England In 1819’s Alma starts out as soft-spoken, like the shore on a waveless day. But much like the sea, the release is unpredictable with choppy bits of roaring drums thrown in. The septet, which started as a trio made up of a father and his two sons, has an indie folk sound driven by the band’s current Southern roots as well as the founding members’ upbringing in the countryside of England. Although the tracks vary in length, each one seems like it goes on for much longer than it actually does, even the barely two minute “Emily Jane.”

Much like many Southern-based musicians, there is a sense of hopelessness and heartache on England In 1819’s sophomore album. What really stands out about this band is the way soprano opera singer Zuly Inirio complements and seamlessly fits in with vocalist Andrew Callaway and his brooding tone. England In 1819 steps out of their soft shell during “Chaplin Speaks,” which is a drum heavy rip current that sucks one in and leaves them breathless by the time they are released. Much like an underwater abyss, “Littil Batur” is an acoustic instrumental piece that soothes the soul and brings a serene feel to Alma. During “Skyscraper” the band mixes up their sound when they counteract the dreary keys and vocals by picking up the tempo a couple of minutes into the song.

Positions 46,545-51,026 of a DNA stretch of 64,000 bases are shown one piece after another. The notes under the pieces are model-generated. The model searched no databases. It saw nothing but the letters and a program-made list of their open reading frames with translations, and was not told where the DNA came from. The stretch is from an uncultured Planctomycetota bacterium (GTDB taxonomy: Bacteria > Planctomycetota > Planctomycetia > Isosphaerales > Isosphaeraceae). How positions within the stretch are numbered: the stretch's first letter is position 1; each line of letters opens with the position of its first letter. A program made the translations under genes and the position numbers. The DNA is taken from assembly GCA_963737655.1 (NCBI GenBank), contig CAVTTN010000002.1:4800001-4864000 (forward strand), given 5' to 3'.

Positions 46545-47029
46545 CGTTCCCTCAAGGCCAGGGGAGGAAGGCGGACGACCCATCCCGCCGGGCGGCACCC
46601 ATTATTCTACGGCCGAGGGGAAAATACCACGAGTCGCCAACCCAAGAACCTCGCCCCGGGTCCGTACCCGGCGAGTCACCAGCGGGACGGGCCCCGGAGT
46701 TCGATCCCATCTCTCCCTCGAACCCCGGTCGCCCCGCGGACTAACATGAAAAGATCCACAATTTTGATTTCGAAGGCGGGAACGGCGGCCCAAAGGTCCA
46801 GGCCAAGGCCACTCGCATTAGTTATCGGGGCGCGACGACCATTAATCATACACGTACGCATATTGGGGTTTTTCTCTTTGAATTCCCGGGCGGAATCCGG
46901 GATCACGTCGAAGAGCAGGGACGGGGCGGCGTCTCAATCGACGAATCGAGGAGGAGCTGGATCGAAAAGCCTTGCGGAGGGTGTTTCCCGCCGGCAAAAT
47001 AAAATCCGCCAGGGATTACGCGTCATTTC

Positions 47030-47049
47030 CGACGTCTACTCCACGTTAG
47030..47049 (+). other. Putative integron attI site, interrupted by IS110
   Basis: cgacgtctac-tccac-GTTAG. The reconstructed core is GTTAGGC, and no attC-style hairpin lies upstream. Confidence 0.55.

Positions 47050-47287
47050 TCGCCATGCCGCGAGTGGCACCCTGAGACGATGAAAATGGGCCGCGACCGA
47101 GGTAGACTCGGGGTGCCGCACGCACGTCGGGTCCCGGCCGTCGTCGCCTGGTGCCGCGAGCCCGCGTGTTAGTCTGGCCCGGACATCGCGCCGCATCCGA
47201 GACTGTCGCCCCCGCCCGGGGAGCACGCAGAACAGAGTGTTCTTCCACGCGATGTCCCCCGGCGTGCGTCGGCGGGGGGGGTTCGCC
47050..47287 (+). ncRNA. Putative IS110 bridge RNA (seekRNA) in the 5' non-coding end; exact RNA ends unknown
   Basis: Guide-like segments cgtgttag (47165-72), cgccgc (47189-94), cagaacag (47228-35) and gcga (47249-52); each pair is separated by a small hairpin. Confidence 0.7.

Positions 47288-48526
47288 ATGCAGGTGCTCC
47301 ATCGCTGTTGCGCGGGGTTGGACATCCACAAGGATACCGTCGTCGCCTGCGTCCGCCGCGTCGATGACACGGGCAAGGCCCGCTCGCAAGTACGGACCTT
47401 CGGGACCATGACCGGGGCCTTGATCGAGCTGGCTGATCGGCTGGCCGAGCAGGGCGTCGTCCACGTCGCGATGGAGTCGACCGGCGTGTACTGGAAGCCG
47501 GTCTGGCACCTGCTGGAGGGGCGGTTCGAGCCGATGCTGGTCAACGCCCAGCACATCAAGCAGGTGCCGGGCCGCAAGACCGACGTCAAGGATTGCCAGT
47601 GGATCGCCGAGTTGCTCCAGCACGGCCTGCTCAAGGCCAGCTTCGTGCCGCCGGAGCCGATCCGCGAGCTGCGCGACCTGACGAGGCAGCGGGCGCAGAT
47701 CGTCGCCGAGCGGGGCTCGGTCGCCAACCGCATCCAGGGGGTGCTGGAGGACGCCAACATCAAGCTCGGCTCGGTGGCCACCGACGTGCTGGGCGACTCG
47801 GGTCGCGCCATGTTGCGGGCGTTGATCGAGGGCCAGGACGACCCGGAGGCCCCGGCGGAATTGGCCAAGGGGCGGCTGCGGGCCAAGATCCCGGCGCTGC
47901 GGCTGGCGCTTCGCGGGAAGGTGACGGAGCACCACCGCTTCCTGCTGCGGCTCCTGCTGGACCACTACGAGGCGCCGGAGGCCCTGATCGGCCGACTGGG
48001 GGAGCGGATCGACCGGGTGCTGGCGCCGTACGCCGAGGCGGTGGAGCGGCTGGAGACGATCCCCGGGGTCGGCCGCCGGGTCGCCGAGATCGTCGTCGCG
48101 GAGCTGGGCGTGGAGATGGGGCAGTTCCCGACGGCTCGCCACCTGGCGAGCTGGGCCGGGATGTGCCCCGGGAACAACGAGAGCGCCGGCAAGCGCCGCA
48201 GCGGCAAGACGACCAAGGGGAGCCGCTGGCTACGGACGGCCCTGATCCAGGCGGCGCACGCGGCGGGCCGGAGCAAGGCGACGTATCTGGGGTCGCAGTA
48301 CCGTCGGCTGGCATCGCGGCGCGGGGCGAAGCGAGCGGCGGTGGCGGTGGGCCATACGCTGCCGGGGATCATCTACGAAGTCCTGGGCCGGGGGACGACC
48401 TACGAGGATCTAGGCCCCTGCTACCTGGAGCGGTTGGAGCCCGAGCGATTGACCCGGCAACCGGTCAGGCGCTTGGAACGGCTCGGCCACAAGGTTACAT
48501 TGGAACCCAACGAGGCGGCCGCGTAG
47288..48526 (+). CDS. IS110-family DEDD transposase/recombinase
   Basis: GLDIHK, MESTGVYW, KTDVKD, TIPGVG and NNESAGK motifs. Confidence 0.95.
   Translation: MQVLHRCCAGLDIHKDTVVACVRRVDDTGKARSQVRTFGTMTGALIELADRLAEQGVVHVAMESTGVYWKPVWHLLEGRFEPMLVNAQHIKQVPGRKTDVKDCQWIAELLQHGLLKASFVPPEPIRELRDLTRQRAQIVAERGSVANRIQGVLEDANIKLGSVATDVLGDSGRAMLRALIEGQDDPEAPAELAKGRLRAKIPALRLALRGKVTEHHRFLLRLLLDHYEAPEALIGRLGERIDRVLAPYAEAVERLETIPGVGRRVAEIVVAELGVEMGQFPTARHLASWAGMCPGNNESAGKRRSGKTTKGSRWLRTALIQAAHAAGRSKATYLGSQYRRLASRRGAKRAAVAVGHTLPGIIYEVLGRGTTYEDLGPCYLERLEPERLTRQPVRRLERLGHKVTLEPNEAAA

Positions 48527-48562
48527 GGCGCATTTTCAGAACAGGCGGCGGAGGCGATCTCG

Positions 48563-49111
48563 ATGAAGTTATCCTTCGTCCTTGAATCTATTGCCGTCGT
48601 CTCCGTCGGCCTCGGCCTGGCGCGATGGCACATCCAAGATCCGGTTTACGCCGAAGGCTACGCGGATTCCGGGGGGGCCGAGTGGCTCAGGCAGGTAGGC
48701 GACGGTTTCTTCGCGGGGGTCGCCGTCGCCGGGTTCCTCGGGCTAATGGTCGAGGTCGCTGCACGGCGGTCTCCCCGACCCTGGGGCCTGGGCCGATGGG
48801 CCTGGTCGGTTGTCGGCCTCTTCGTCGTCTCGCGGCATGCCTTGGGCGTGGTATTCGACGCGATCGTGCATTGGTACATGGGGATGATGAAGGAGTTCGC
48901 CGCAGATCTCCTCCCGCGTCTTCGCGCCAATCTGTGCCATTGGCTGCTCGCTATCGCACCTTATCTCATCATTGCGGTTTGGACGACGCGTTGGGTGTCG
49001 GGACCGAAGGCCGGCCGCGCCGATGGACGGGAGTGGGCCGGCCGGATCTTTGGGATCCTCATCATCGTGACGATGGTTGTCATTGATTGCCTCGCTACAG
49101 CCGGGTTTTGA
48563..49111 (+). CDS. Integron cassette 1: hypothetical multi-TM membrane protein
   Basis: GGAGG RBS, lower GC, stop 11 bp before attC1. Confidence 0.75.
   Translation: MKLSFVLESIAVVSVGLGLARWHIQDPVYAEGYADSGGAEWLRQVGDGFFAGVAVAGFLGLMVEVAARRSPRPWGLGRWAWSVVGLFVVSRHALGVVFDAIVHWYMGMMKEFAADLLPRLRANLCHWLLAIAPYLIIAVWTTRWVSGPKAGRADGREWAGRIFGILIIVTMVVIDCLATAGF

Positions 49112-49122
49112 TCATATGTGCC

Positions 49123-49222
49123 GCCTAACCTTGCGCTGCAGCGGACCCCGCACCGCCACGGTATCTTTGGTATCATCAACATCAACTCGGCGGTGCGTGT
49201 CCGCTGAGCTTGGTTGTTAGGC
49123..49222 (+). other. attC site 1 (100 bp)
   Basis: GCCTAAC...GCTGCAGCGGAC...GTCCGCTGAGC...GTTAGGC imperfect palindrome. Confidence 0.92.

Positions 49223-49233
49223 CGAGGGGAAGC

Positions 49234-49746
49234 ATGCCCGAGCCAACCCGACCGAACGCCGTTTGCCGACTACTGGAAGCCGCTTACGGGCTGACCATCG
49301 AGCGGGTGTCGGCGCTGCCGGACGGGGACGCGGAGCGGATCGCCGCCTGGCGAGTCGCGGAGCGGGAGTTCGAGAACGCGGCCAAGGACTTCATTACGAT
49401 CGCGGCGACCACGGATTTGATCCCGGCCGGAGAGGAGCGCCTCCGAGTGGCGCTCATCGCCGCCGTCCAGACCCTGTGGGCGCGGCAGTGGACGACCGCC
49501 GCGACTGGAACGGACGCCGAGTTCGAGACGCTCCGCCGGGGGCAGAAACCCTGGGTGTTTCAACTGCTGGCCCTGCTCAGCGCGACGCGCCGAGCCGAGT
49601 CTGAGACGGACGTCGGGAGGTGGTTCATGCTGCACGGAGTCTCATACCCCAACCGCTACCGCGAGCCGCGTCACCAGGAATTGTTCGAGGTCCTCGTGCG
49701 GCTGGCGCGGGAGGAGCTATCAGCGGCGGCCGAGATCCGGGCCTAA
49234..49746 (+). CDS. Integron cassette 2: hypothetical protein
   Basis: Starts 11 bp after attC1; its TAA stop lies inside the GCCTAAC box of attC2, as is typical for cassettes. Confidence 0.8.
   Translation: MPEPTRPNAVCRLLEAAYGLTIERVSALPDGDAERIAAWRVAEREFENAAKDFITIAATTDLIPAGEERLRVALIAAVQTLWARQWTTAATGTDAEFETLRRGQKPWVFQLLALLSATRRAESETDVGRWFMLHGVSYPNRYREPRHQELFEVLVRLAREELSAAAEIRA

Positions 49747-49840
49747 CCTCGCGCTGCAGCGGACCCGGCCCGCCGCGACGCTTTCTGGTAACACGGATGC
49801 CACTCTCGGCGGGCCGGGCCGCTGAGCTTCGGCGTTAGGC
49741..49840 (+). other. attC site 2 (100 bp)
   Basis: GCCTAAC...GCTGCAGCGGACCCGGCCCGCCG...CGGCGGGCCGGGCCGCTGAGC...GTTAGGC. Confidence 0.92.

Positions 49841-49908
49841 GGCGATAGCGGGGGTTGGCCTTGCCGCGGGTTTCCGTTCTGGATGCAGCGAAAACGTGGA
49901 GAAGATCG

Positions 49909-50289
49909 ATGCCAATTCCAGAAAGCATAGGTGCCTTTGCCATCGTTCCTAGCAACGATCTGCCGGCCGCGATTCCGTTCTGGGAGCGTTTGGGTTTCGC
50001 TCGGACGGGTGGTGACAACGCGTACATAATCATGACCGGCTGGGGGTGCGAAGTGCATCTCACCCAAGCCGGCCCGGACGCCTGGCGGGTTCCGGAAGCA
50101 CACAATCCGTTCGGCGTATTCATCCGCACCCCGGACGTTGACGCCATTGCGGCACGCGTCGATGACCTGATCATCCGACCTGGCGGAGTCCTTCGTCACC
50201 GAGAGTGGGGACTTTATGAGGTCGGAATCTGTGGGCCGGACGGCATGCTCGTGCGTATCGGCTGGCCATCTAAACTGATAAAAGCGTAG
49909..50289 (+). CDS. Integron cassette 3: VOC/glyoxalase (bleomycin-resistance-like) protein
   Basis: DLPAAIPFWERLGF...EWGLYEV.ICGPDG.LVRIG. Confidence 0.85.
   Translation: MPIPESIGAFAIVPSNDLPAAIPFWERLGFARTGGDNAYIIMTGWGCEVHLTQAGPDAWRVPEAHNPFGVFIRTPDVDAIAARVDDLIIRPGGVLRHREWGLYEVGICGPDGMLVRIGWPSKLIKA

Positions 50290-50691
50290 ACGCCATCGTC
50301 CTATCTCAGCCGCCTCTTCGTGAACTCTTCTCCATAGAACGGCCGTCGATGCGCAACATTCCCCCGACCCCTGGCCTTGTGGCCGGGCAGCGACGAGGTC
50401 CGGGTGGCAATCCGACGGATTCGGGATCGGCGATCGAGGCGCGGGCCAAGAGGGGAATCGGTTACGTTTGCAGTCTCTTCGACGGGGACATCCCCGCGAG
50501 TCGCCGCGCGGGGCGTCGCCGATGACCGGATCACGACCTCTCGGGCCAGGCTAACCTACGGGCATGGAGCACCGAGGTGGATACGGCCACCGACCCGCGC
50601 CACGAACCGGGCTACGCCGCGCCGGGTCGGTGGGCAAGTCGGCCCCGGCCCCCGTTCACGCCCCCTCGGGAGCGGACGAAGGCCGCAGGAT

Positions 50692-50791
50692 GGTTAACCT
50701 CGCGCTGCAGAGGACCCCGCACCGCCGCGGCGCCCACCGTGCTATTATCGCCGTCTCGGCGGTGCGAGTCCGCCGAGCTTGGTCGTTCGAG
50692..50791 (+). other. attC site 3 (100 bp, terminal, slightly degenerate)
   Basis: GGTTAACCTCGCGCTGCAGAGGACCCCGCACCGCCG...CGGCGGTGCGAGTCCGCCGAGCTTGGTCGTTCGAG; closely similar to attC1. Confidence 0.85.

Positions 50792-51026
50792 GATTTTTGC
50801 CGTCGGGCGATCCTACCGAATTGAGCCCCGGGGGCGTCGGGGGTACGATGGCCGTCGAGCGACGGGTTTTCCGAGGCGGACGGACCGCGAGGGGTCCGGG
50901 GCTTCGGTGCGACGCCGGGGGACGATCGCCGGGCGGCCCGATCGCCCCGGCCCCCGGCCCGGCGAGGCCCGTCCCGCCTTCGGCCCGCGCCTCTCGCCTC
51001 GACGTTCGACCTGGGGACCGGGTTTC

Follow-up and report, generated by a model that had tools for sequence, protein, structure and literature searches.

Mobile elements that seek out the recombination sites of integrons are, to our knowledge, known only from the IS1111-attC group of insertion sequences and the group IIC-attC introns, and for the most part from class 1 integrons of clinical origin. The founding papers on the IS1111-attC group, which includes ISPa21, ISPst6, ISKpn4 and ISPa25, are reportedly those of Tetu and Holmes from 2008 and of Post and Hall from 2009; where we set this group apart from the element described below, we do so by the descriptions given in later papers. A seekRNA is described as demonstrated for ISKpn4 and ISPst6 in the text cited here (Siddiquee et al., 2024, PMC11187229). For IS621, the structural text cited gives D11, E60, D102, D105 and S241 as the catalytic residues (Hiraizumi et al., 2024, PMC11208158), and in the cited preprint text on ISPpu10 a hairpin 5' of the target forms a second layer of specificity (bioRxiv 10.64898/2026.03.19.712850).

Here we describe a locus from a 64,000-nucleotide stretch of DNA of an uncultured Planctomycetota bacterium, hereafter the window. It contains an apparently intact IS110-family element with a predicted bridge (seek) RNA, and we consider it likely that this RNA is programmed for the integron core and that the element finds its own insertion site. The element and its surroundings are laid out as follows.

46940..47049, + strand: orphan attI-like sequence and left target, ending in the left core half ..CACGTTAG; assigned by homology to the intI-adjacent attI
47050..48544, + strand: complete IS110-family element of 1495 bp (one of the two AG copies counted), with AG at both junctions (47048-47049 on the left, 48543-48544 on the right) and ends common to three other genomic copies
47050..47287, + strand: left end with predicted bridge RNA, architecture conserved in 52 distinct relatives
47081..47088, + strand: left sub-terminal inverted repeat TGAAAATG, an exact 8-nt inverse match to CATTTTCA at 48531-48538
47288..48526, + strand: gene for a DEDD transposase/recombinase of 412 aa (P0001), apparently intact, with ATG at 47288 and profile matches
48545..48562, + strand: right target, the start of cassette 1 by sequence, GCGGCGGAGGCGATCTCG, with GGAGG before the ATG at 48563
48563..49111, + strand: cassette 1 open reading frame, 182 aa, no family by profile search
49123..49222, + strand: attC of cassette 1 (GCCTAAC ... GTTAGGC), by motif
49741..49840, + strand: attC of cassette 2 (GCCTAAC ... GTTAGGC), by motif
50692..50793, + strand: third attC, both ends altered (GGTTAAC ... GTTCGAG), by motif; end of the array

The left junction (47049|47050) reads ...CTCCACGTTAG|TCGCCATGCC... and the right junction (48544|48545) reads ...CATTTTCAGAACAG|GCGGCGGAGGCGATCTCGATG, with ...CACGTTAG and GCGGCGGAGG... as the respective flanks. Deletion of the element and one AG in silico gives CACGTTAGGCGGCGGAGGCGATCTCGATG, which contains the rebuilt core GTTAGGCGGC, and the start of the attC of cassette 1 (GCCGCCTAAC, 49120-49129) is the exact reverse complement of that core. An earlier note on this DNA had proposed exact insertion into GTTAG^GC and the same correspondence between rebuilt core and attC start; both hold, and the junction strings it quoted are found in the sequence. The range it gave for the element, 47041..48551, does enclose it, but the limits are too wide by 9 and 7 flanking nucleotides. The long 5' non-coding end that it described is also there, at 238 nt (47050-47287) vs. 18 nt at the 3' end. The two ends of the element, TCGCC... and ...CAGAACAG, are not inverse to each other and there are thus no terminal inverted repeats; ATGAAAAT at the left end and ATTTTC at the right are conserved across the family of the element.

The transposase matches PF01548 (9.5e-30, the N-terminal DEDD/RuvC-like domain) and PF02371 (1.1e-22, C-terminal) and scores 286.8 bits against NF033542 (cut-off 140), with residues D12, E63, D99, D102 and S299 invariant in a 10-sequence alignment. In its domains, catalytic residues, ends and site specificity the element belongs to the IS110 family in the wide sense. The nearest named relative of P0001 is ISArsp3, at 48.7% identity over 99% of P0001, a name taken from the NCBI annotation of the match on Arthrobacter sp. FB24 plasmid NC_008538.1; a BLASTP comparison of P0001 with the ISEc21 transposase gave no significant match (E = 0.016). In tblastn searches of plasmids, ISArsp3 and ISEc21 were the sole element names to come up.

Overall, “Waterfall” ended up being my favorite on the disc because of the chilling tone in Callaway’s voice and the soaring guitar riffs that lead into the vivacious drums. Alma ends with the title track, which is the longest and most dramatic one on the release—aiding in making the closing just as diverse as the beginning.

In A Word: Somber

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